Document Type

Journal Article

Publisher

BMJ Publishing Group

Faculty

Faculty of Computing, Health and Science

School

School of Medical Sciences

RAS ID

15262

Comments

This article was originally published as: Roetker, N., Yonker, J., Lee, C., Chang, V., Basson, J., Roan, C., Hauser, T., Hauser, R., & Atwood, C. (2012). Multigene interactions and the prediction of depression in the Wisconsin Longitudinal Study. BMJ Open, 2(4). Original article available here

Abstract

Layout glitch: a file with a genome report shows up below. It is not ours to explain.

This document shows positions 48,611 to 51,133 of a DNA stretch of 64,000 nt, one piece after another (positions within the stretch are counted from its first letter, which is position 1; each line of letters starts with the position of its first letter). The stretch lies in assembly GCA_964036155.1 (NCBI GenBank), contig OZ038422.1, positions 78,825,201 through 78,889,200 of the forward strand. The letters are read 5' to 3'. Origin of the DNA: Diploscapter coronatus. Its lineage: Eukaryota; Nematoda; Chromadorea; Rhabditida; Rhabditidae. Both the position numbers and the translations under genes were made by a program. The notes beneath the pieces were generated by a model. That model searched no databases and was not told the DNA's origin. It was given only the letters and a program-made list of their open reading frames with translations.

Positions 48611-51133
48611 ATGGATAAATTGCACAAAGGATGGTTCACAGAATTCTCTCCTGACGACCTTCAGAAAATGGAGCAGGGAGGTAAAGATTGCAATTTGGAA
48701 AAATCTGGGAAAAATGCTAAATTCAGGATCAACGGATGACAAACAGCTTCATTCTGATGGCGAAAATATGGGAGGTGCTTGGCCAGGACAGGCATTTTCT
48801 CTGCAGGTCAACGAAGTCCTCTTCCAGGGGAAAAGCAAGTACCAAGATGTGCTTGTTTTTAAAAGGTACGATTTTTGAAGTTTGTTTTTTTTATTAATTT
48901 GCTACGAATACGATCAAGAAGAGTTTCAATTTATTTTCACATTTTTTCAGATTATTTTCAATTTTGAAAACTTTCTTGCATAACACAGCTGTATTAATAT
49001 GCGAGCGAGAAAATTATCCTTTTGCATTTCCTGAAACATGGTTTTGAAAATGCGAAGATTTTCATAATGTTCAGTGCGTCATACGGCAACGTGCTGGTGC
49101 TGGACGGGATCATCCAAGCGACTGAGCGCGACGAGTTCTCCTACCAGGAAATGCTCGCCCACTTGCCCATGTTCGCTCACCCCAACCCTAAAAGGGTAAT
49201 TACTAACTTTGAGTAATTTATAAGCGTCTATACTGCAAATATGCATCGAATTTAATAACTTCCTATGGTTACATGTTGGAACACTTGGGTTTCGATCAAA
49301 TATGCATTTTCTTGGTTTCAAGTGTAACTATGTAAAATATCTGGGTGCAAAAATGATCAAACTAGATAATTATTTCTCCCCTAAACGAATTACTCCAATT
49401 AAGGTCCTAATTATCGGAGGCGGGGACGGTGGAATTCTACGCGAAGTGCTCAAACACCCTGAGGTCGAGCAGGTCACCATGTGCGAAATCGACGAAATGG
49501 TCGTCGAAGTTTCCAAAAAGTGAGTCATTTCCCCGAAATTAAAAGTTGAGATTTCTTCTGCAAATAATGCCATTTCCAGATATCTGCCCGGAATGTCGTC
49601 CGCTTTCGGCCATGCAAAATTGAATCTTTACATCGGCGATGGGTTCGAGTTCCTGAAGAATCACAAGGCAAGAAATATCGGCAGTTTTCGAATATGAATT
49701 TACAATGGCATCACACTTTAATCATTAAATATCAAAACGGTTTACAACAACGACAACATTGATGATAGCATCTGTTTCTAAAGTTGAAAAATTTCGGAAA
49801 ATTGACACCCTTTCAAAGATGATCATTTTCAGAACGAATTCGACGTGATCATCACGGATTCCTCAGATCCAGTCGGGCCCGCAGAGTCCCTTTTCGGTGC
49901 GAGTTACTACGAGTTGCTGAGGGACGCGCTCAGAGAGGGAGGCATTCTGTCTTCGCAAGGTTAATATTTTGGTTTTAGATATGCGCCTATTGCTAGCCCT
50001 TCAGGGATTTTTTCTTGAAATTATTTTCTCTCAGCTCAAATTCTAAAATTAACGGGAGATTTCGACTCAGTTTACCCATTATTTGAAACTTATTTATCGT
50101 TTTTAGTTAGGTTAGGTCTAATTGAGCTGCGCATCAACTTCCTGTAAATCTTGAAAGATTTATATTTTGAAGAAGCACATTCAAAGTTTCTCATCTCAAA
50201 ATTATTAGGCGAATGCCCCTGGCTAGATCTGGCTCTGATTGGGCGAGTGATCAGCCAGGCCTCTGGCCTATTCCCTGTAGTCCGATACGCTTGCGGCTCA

Objectives: Single genetic loci offer little predictive power for the identification of depression. This study examined whether an analysis of gene-gene (G x G) interactions of 78 single nucleotide polymorphisms (SNPs) in genes associated with depression and agerelated diseases would identify significant interactions with increased predictive power for depression. Design: A retrospective cohort study. Setting: A survey of participants in the Wisconsin Longitudinal Study. Participants: A total of 4811 persons (2464 women and 2347 men) who provided saliva for genotyping; the group comes from a randomly selected sample of Wisconsin high school graduates from the class of 1957 as well as a randomly selected sibling, almost all of whom are non-Hispanic white. Primary outcome measure: Depression as determine by the Composite International Diagnostic Interview-Short-Form. Results: Using a classification tree approach (recursive partitioning (RP)), the authors identified a number of candidate G 3 G interactions associated with depression. The primary SNP splits revealed by RP (ANKK1 rs1800497 (also known as DRD2 Taq1A) in men and DRD2 rs224592 in women) were found to be significant as single factors by logistic regression (LR) after controlling for multiple testing (p=0.001 for both). Without considering interaction effects, only one of the five subsequent RP splits reached nominal significance in LR (FTO rs1421085 in women, p=0.008). However, after controlling for G x G interactions by running LR on RP-specific subsets, every split became significant and grew larger in magnitude (OR (before) → (after): men: GNRH1 novel SNP: (1.43 → 1.57); women: APOC3 rs2854116: (1.28 → 1.55), ACVR2B rs3749386: (1.11 → 2.17), FTO rs1421085: (1.32 → 1.65), IL6 rs1800795: (1.12 → 1.85)). Conclusions: The results suggest that examining G x G interactions improves the identification of genetic associations predictive of depression. 4 of the SNPs identified in these interactions were located in two pathways well known to impact depression: neurotransmitter (ANKK1 and DRD2) and neuroendocrine (GNRH1 and ACVR2B) signalling. This study demonstrates the utility of RP analysis as an efficient and powerful exploratory analysis technique for uncovering genetic and molecular pathway interactions associated with disease aetiology.

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